Texas bill would require heart screenings for HS athletes
Under State Rep. Dan Huberty’s bill, “cardiac assessments” would be required before the athlete’s first year of participation at the ninth-grade level or above. It would then be required a second time before participation in 11th grade. The bill mandates that the University Interscholastic League (UIL) adopt the rule for every student-athlete who requires a physical.Huberty filed House Bill 76 in honor of Cody Stephens, a Texas student-athlete who died in 2012 from an undiagnosed heart issue. He believed an electrocardiogram (ECG) could have saved Stephens’ life.
“Cody was a senior offensive lineman at Crosby High School who proudly wore number 76,” Huberty said in a statement. “Set to attend Tarleton State University on a football scholarship, he had the world at his fingertips, but his life was tragically cut short. Cody didn’t get the opportunity to have an ECG as a part of his sports physical, which could of found the heart issue that caused his death. This preventative measure could have easily saved his life.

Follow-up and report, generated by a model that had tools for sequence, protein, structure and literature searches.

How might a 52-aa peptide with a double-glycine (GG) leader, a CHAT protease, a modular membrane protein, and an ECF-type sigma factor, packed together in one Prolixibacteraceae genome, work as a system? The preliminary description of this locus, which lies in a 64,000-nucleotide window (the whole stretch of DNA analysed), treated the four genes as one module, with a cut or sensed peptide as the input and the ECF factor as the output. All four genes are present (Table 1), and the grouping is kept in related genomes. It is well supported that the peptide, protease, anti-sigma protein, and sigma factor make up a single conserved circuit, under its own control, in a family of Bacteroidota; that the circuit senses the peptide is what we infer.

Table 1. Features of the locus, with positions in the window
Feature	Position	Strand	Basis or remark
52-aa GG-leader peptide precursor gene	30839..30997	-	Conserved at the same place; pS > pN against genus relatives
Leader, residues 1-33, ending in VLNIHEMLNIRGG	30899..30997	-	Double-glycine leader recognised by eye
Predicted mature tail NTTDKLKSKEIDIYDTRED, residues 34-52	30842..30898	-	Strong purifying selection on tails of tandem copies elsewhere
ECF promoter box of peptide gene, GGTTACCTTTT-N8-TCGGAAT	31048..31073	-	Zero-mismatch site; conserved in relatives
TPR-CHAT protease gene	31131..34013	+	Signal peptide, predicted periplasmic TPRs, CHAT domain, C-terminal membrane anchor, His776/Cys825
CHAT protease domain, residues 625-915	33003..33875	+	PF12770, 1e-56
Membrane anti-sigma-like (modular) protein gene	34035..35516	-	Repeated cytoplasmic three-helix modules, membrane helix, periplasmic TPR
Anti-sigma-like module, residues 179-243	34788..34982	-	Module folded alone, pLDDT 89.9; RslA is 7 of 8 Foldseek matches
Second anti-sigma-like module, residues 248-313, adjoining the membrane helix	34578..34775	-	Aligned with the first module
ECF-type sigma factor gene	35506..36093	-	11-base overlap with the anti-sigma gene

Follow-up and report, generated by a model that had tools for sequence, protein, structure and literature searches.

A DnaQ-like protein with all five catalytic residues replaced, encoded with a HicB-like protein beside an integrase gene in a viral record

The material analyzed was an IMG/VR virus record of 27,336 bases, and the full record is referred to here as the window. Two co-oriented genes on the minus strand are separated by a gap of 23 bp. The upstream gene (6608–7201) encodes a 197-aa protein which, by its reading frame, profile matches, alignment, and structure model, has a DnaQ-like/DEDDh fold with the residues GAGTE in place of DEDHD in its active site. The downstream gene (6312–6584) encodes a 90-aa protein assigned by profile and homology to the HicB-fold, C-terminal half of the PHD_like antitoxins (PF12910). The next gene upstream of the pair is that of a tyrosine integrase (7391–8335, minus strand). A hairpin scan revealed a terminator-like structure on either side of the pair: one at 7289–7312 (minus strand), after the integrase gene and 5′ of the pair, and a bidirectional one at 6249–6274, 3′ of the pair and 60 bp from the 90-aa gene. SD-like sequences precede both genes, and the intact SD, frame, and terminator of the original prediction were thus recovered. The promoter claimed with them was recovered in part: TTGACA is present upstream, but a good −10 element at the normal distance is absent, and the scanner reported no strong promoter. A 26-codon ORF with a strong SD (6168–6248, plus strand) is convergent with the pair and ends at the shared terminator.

“In an attempt to ensure the health and safety of other Texas students, I am once again partnering with the Cody Stephens Foundation to work on implementing this much-needed screening update.”
“Each year, student-athletes across the country die from exercise-induced cardiac arrest,” said Scott Stephens, father to Cody and founder of the Go Big or Go Home Foundation. “An ECG is a medical test that can be administered to detect the early signs of heart disease or disorders. The completion of an ECG is a big step in the early identification of heart disorders and can prevent the tragic deaths of more student athletes just like Cody.”
There’s ongoing debate about whether ECGs can prevent sudden cardiac arrest. A 2017 study conducted at the University of Toronto, and reported in The New England Journal of Medicine, concluded that fewer than one in five cases of sudden cardiac arrest among athletes would have been prevented with a heart screening.
Huberty’s bill allows school districts to partner with nonprofit organizations to provide ECGs, or schools can pay for the tests on the athlete’s behalf. Otherwise, student-athletes would be forced to pay for the exam.
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